Swiss drugmaker Roche Holding
Roche, which last month bought out U.S. biotech group Genentech for $47 billion, said on Thursday it was confident of hitting the full-year targets it set before that deal, highlighting the pharmaceutical sector's capacity for resilience during tough economic times and boosting the stock.
We view Roche as the highest quality European pharma stock, with the lowest risk profile, said Collins Stewart analyst James Knight.
Plans for integrating Genentech will be finalised by mid-year and it aims to have completed the process by the end of 2009. Roche will update its full-year outlook in July to reflect the acquisition.
There were no indications of top scientists leaving Genentech due to the takeover, pharmaceuticals chief William Burns said, and staff from the two companies already know each other well through long-term cooperation.
Health care is traditionally one of the last areas in which consumers cut back on spending, but there has been some slowdown and Roche's stock has fallen around 8 percent so far this year.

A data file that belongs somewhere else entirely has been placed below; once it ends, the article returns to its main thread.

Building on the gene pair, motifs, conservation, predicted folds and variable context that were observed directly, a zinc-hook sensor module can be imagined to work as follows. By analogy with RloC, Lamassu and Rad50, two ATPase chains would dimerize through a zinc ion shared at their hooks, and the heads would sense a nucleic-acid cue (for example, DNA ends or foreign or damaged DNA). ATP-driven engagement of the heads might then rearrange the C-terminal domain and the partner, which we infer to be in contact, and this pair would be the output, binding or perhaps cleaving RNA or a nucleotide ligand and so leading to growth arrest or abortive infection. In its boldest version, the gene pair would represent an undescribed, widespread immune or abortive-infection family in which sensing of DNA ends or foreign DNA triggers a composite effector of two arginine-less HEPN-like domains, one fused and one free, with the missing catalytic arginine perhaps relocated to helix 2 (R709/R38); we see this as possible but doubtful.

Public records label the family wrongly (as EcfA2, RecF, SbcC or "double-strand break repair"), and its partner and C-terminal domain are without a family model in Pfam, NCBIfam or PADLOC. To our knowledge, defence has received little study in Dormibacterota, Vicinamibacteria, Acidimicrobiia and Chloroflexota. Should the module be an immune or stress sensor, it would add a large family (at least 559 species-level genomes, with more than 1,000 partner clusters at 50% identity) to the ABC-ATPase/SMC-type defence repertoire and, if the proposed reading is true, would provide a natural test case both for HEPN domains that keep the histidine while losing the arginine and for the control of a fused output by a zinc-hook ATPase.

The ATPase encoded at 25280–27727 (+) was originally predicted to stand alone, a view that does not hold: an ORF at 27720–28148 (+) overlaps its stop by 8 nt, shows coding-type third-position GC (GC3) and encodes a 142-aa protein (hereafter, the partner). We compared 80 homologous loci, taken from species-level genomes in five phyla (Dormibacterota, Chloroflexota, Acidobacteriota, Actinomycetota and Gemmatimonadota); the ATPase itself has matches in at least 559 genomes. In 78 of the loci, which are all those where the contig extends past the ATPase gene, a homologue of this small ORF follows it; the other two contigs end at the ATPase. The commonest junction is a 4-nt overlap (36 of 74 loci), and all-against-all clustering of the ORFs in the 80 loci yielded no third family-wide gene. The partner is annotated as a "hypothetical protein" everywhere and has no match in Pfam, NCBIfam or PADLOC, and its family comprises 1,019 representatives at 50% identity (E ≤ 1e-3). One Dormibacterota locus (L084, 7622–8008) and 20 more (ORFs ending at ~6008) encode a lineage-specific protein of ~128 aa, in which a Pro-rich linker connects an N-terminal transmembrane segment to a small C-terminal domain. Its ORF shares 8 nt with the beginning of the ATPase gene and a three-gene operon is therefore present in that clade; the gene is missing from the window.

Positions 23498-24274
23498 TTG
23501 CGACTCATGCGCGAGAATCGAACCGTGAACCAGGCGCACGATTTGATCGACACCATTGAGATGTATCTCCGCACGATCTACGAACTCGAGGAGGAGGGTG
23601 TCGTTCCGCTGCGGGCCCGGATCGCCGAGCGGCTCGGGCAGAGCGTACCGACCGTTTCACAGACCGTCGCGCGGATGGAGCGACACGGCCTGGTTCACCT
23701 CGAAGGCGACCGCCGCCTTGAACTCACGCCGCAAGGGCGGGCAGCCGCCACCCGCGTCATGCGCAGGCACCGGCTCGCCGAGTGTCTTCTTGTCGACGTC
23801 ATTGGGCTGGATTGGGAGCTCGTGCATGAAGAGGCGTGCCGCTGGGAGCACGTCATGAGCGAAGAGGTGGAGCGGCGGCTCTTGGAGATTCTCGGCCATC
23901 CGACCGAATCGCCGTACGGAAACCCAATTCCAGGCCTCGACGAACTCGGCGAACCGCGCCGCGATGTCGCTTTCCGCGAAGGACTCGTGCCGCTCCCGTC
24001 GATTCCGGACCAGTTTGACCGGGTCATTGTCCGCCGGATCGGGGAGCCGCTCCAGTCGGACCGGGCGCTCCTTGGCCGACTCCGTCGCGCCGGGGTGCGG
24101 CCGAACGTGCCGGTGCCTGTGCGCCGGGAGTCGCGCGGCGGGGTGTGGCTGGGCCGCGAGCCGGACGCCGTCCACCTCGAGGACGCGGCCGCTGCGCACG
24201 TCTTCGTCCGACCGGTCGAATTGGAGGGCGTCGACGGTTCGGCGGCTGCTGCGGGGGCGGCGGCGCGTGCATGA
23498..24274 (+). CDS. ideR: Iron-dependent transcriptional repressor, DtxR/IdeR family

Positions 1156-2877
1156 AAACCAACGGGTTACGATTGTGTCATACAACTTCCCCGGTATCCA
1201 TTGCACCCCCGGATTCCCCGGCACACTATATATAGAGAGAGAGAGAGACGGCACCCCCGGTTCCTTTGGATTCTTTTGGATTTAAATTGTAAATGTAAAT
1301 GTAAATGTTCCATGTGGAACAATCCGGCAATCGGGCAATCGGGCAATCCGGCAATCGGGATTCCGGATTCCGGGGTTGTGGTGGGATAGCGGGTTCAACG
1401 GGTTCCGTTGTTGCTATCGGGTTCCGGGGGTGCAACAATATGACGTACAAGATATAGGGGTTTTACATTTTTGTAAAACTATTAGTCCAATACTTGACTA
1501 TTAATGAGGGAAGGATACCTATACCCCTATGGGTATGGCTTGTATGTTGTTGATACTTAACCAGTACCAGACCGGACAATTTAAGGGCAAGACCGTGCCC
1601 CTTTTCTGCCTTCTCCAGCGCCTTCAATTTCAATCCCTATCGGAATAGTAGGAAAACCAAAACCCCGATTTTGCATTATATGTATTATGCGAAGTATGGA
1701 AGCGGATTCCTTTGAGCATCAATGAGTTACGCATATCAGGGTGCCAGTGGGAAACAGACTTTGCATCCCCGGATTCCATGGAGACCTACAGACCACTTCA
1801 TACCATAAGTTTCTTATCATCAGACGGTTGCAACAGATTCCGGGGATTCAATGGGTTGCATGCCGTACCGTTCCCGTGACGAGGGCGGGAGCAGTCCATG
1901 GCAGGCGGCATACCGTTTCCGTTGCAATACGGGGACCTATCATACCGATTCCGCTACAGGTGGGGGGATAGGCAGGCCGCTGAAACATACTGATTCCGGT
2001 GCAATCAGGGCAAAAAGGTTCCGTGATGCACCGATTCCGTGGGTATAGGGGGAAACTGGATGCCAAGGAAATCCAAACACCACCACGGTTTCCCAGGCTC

We do see that the world pharmaceutical market is slowing down. There are patent expiries and as a result of the economic downturn, wholesalers are more prudent on inventories, Burns told reporters.
The Swiss group is well insulated, however, because of its high-margin cancer drugs and limited exposure to markets in which consumers can easily cut spending.
Stripping out currency effects, quarterly sales rose 8 percent to 11.6 billion Swiss francs ($10.17 billion), in line with forecasts.
That contrasts with downbeat quarterly results from Abbott
Roche stock rose 1.3 percent to 150.50 francs by 1141 GMT (7:41 a.m. EDT), outperforming a 0.3 percent rise in the European health care sector <.SXDP>.
CANCER DRUGS DRIVE GROWTH
Roche trades at nearly 12 times expected 2010 earnings, a healthy premium to other big European drugmakers -- Swiss rival Novartis AG
Those cancer drugs drove growth in the first quarter, though some analysts said they performed a little weaker than expected.
Sales of Avastin -- for which key clinical data in colon cancer patients who have undergone surgery is expected this month -- rose 30 percent to 1.5 billion francs, in line with forecasts, and helped to drive Roche's overall revenue growth.
Sal Oppenheim analyst Carri Duncan said that if results from the study were anything less than positive, they could weigh heavily on the stock due to the high expectations in the market.
Roche also said the launch of new rheumatoid arthritis drug Actemra, one of its big hopes for future sales growth, had gone well in Japan and Europe. It has yet to be approved in the United States.
(Editing by Sam Cage, Simon Jessop. John Stonestreet)
($1=1.141 Swiss Franc)